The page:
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Aims: This study examined: (a) whether student service members/veterans attending college drank more frequently or in greater quantities than non-service peers; and (b) whether links between student service members/veterans’ alcohol use and mental health-related outcomes differed from civilian students. Methods: Participants included 145 student service members/veterans and 136 civilian students attending 16 different higher education institutions within one Midwestern state. Data were collected via web-based survey assessing alcohol-related attitudes and behaviours, problem drinking, depression, anxiety and post-traumatic stress. Findings: In general, the current sample of veterans/student service members drank similarly to younger, civilian students. Furthermore, compared to civilian students, veterans/student service members’ binge drinking was differentially associated to indicators of problem drinking and mental health symptoms such as depression/anxiety and PTSD. Conclusions: In general, findings suggest that binge drinking among student service members/veterans was associated with greater problems, highlighting potential adjustment difficulties/risks for this group.
Article
Objectives: To determine whether posttraumatic stress (PTS) symptoms are associated with problem drinking and alcohol-related consequences, as well as academic correlates among military-affiliated and civilian students. Participants: The final sample (n = 248) included 78 combat-exposed student service members/veterans, 53 non-combat-exposed student service members/ veterans, 38 ROTC (Reserve Officers' Training Corps) students, and 79 civilian students. Methods: Self-report data were collected spring 2011 via a Web-based survey measuring PTS, problem drinking, alcohol-related consequences, grade point average, educational self-efficacy, academic amotivation, and persistence. Results: Military students exposed to combat-related trauma reported significantly greater PTS symptoms than other military and civilian groups. PTS symptoms were associated with problem drinking and alcohol-related consequences for all groups, yet unrelated to academic correlates among those exposed to combat-related trauma. Conclusion: This study adds to the scant literature base exploring the unique characteristics of student service members/veterans in higher education.
Article
Analyzes and clarifies the differences between eta-squared and partial eta-squared in fixed factor analysis of variance (ANOVA) designs. The formulas are presented and discussed, and an example is presented along with the appropriate use and meaning of the 2 coefficients. Finally, a general discussion of the use of eta-squared and partial eta-squared is provided. (PsycINFO Database Record (c) 2012 APA, all rights reserved)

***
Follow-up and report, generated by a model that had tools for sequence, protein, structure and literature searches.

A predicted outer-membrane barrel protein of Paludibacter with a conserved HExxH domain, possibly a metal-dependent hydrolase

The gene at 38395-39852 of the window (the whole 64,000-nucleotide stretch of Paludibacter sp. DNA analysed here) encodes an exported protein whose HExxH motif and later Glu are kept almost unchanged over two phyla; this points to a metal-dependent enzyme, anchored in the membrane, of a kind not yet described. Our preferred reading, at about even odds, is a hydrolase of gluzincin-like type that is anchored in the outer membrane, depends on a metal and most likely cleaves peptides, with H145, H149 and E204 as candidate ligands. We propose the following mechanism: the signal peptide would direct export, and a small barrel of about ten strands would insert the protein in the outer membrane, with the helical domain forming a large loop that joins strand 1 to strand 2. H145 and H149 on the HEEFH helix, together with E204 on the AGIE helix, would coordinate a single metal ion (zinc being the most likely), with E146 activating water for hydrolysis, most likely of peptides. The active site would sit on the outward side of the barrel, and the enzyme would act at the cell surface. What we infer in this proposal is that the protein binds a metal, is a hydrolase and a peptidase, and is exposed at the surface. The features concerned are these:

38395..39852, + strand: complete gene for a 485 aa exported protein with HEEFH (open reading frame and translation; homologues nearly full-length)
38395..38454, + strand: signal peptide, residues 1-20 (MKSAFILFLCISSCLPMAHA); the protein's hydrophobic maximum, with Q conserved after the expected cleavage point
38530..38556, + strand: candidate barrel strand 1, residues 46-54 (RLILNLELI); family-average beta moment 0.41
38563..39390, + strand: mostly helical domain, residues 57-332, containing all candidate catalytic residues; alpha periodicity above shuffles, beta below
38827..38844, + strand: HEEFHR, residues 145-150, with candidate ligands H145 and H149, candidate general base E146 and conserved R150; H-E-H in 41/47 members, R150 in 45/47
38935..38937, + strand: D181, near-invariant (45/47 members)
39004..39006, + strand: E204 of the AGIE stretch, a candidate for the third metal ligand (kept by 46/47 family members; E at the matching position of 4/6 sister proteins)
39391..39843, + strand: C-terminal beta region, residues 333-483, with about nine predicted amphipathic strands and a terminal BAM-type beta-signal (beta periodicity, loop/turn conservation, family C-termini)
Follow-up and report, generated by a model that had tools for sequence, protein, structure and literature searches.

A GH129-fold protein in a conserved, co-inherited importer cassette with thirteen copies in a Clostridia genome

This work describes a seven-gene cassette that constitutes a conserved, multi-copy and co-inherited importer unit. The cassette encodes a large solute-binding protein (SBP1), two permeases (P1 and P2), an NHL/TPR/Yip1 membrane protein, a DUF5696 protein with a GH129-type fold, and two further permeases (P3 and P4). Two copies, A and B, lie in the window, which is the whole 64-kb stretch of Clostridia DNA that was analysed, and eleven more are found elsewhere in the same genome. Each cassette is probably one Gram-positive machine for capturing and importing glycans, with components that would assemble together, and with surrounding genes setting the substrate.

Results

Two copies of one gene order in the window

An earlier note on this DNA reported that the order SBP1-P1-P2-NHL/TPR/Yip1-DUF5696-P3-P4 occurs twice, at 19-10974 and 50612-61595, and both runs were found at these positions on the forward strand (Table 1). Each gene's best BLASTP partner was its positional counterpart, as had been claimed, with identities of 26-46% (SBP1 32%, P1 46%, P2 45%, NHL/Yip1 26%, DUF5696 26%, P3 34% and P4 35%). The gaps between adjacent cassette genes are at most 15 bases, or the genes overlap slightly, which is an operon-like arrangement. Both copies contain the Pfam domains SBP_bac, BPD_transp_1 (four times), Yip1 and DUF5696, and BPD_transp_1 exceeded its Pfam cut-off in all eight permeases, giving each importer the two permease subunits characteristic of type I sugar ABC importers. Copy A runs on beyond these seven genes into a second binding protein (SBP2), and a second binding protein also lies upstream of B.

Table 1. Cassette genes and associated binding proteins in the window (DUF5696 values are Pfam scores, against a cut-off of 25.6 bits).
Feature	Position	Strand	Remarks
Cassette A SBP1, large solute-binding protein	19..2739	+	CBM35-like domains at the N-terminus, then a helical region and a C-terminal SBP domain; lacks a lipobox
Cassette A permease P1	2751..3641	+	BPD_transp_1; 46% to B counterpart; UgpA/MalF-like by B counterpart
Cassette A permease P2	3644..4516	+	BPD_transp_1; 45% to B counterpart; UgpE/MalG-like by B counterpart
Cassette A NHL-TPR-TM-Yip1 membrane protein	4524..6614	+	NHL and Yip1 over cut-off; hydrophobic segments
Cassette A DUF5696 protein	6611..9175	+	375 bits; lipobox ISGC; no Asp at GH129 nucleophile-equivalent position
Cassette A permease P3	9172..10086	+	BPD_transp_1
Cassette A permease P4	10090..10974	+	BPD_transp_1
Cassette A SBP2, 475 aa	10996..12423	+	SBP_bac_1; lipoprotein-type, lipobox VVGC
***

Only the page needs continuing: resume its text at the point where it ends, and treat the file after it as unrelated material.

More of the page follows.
Article
This study evaluated the efficacy of a web-based personalized normative feedback program targeting heavy drinking in first-year intercollegiate athletes. The program was offered through the Athletic Department first-year seminar at a National Collegiate Athletic Association (NCAA) Division I university. Athletes were randomly assigned to either a web-based feedback group or a comparison condition. Results indicated high-risk athletes receiving the intervention reported significantly greater reductions in heavy drinking than those in the comparison group. Additionally, intervention effects were mediated by changes in perceptions of peer drinking. Findings support the use of web-based normative feedback for reducing heavy drinking in first-year intercollegiate athletes.
Article
The current cross sectional study sought to examine whether perceived social normative beliefs are associated with indicators of alcohol use in a sample of alcohol misusing veterans. A sample of 107 U.S. Military Veterans presenting to primary care that screened positive for alcohol misuse on the alcohol use disorders identification test-consumption items (AUDIT-C) was recruited. Assessment measures were used to examine social normative beliefs and alcohol-related concerns as they relate to indicators of alcohol use at baseline. Our findings indicate mixed support for our two hypotheses in that perceived descriptive norms were associated with alcohol use indicators in the predicted direction; however, this was not the case for alcohol-related concerns. For perceived norms, we found that higher quantity beliefs were significantly related to greater alcohol consumption on a drinking day (p<.01), increased likelihood of dependence (p<.01), and frequency beliefs were significantly related to total number of drinking days (p<.01). Findings for alcohol-related concerns emerged contrary to our hypothesis, with results depicting increased alcohol-related concerns associated with higher alcohol consumption across indicators of use (ps<.01). Findings of the current study suggest that social normative beliefs, specifically misperceptions about descriptive norms, are significantly associated with alcohol consumption in a sample of alcohol misusing veterans presenting to primary care.